About a month ago Argentina wished to join the BRICS. It should be noted that it is not the first time that Argentina expressed a wish to be in the BRICS. In May 2015 this issue was discussed informally among experts. However, Brazil, India and South Africa expressed full approval for that idea. China and Russia would hardly be against too, taking into account their actively developing relations with Buenos Aires.
It is no exaggeration to say that the state of the economy plays a primary role in the allocation of votes. The government leaves the successors with high inflation, a de facto ban on free circulation of the dollar, deficit of budget, external unresolved trade disputes, litigation with the debenture holders, the outflow of capital, acute shortage of investment, etc. Even a partial list of problems testifies the fact that the country is facing the need to change the model, which is characterized by state intervention in the economy and narrowing market space. The new President will be faced with the fact that actual government’s outlay significantly higher than planned, and sources of funding are not sufficient to cover them.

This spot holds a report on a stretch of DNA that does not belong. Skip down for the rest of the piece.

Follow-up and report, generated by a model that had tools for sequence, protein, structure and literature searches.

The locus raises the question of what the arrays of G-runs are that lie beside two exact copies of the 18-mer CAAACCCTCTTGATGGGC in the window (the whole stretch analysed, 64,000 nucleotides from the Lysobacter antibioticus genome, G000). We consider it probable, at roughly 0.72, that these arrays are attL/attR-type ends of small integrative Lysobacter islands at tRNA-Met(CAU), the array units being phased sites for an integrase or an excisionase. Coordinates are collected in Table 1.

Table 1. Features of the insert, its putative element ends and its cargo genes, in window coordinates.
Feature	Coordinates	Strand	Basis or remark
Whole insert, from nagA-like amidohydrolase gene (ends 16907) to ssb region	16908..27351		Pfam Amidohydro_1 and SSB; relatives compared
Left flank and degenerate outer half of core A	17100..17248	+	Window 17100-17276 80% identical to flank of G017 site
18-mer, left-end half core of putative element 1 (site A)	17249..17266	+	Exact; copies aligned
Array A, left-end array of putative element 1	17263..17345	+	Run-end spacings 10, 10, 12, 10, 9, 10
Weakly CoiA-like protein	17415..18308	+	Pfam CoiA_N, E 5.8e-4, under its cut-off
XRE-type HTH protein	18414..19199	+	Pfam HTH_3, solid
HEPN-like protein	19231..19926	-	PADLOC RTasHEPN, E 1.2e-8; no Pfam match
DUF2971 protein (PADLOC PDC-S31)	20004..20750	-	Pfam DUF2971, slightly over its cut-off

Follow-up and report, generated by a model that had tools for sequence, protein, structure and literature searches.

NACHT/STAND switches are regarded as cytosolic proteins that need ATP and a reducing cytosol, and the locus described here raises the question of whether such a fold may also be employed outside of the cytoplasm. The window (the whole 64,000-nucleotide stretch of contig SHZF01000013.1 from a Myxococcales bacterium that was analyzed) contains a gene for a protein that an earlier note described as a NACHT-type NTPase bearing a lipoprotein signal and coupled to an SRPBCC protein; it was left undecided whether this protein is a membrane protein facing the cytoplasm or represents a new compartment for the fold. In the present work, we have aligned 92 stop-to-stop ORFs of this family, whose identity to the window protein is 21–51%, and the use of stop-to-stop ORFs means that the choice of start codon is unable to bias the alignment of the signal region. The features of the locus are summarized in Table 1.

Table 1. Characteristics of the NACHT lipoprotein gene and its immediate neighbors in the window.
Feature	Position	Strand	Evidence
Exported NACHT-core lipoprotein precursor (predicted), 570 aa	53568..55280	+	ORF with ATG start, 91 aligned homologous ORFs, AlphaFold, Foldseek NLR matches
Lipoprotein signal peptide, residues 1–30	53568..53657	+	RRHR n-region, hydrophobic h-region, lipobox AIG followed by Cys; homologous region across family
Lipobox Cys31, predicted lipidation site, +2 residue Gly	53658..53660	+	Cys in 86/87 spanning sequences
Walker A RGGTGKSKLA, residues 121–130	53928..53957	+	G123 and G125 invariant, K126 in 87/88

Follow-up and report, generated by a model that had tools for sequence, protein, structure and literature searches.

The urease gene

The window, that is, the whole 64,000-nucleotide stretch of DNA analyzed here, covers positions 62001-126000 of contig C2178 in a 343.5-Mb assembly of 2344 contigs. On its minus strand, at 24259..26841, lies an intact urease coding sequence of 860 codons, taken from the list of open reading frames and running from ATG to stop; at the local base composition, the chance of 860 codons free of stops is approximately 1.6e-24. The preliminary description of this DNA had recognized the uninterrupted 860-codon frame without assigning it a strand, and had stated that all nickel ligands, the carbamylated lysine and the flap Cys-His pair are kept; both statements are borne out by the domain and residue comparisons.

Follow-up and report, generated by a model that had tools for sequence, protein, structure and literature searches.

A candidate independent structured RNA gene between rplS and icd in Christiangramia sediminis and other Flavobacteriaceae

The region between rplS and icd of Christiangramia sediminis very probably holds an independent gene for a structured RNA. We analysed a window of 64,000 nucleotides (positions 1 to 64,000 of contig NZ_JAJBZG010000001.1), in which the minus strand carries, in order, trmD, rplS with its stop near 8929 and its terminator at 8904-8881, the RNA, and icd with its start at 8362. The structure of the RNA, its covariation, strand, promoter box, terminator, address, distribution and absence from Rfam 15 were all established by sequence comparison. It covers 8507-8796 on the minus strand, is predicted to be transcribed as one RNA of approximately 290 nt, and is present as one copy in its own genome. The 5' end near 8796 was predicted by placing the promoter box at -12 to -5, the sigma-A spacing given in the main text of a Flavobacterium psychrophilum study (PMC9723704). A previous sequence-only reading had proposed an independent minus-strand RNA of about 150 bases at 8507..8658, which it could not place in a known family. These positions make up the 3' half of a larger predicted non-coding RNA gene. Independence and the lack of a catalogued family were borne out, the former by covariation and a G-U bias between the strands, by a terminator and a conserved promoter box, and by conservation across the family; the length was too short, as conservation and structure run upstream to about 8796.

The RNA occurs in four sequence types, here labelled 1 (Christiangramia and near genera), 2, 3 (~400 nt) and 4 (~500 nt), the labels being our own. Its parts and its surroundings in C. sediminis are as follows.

The fate of the country is on the floor by two different opinions. One of the most important for the new government issues would be to pay subsidies to the population for the growing tariffs for electricity, gas, water, etc. Likely, the government will have to abolish subsidies and let the prices. This will give impulse to a new round of inflation and protests. To reduce social tensions the state will be forced to protect the most vulnerable segments of the population that will only increase inflation. And that new inflation will provoke an "explosive" phase of the economic crisis. All of these realities today impede investment in the economy by the private investors. In addition, current high utility rates are unacceptable for investment companies, for their stable operation it is necessary that these costs amounted to no more than 20% of all costs.